yoga therapy: a healthy alternative to prescription drugs
by Jennie Lee Article Source
What is Yoga Therapy?
There are THREE general categories of Yoga Therapy, although they all interrelate.
The first type is similar to physical therapy – using basic movements (called asanas) to rehabilitate injury, moderate chronic pain or regain vital energy. There are innumerable scientific studies today that show evidence based research on Yoga’s physical benefits.
Another aspect of Yoga Therapy is similar to psychotherapy – using mental and emotional Yoga practices to deal with change, loss, indecision and other internal struggles. This correlates to psycho-neuroimmunology, a branch of psychology that studies the interaction between the nervous, endocrine and immune systems, and explains some of the subtleties of psychosomatic medicine and how the body reflects our internal state of thought and feeling.
The application of Yogic techniques to affect specific changes in vital functions of the body’s organs and systems allows the individual to shift from unconscious response and to a chosen response in tense circumstances. An example would be using a balancing breath exercise to ‘reset’ the parasympathetic nervous system’s ‘fight or flight’ response, thereby helping the person to combat anxiety or panic attacks.
Of course it is impossible to separate the physical and mental parts of ourselves as we are integrated beings, so these first two categories of Yoga Therapy blend together. Many physical issues are symptomatic of deeper underlying issues trying to get our attention. Our bodies are storage depots for all the things we have experienced and felt over the course of our lives. Our ‘biography becomes our biology’ as they say. From small discomforts to chronic pain, the body calls us to awakening, to look inward to feelings from the past which keep us from full capacity living in the present. When the body’s natural wisdom is accessed through Yoga Therapy, emotional release occurs and healing begins at a deeper level than just the physical.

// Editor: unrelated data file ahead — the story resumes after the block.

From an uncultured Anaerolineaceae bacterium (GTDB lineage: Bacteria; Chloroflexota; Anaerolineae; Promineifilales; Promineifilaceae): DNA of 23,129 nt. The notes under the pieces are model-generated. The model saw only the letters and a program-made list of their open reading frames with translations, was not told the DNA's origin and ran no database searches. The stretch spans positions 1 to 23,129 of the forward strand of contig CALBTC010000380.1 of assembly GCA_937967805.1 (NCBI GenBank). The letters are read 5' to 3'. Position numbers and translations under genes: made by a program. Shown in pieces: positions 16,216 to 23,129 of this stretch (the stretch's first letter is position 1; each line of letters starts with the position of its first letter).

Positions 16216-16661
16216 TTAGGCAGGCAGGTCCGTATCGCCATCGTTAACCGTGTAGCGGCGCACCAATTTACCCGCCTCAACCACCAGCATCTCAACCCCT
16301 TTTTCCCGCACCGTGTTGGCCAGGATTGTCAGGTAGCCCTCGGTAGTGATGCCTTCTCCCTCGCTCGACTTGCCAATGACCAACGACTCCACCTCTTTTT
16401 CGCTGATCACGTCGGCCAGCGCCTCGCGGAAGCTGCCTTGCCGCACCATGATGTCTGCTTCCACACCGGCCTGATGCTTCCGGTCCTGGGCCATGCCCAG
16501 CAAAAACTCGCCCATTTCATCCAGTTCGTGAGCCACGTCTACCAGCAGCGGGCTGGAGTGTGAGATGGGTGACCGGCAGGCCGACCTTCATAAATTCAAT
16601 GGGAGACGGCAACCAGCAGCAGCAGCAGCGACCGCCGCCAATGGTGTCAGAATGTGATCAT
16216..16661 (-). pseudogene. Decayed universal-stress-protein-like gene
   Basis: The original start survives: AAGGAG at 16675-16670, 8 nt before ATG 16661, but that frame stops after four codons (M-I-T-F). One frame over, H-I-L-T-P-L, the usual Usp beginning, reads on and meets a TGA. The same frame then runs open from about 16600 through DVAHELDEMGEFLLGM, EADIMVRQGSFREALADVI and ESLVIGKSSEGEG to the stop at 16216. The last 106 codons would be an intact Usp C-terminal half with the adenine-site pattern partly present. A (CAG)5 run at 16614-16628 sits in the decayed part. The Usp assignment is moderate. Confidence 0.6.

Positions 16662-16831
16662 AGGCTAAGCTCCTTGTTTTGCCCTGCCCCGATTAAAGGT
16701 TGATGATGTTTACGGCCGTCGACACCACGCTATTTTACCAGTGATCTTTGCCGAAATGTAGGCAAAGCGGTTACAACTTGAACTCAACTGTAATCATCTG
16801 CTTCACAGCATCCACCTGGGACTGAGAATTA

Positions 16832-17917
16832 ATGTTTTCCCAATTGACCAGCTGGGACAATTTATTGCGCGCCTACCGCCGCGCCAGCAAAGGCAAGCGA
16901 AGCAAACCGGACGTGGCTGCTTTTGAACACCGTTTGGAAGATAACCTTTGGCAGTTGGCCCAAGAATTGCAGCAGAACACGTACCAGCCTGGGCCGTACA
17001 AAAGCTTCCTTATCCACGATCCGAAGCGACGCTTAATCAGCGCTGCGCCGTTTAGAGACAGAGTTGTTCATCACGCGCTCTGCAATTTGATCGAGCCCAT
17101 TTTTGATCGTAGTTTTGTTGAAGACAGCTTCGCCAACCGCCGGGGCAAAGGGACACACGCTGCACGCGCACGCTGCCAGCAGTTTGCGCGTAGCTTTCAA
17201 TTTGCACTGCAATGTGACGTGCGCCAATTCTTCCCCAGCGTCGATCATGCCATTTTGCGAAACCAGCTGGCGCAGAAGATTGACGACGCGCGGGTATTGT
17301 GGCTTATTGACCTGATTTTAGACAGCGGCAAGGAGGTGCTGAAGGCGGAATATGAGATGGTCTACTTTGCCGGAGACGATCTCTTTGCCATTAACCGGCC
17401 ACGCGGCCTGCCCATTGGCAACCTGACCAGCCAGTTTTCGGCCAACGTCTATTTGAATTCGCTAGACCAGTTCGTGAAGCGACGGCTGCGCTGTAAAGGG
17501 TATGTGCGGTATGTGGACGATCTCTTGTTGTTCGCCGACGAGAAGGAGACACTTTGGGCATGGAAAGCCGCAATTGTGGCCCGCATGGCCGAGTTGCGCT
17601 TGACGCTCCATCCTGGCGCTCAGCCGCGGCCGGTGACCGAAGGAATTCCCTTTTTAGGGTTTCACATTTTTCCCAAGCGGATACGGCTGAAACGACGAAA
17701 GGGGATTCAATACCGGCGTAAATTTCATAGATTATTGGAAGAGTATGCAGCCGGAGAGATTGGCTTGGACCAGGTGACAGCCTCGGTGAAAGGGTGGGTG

The final and most important aspect to Yoga Therapy addresses the spiritual component of our nature. Classical sacred texts of all spiritual paths and religions acknowledge that human beings have a divine energy within and, most of the problems in our life stem from a state of ignorance of who and what we are. Most Eastern forms of medicine attribute illness to the energy blockage that occurs when we live in this state of un-knowing. By promoting the flow of prana, or vital life force energy, Yoga eliminates energetic blockages, restoring one’s natural health.
By offering tools to gain true Self-knowledge, Yoga provides an opportunity to become acquainted with our inner spirit and therefore engage change at a much more profound level. Relaxation techniques that promote calmness and stability through introspection combined with meditation that leads us to transcendence, can significantly reduce the overstimulation of the mind which causes so many people psychological burnout in one form or another.
Does someone have to practice Yoga or be flexible to do this?
Absolutely not. The practices of Yoga Therapy can meet you where you are today. For some this is through movement, but for many others it is through internal inquiry, reflection, and meditation. Abundant scientific studies now show the benefits of Yoga Therapy to counter trauma, long term stress, attention issues, depression, anxiety and challenging relationship dynamics. Whether you are 8 or 88, by discovering connections between your body issues or chronic tension patterns and your long held limiting beliefs or emotional attachments, a whole new world of freedom opens up. Yoga Therapy helps you identify and then release physical, mental, and energetic blocks, and reclaim your abundant life force energy.
What do you actually do in a Yoga Therapy session?
After initial assessment is made of a client’s needs and challenges, the therapist employs a wide range of mind/body practices, from postural and breathing exercises to deep relaxation and meditation. Most Yoga Therapists draw from a variety of styles and branches of Yoga, to create personalized practices (sadhana) that address the presenting condition, taking into consideration the client’s level of current physical ability for the order and number of practices and integration into their lifestyle.
Yoga therapy tailors these to the capacities of the individual. By adapting Yoga techniques and practices to help individuals facing health challenges on any level, clients learn to manage their condition, reduce symptoms, restore balance, increase strength, and improve attitude and expand their field of awareness.
Yoga Therapy is a wonderful healing modality for anyone who wants to truly integrate how they feel inside their body, with emotional freedom, and deep soul connection.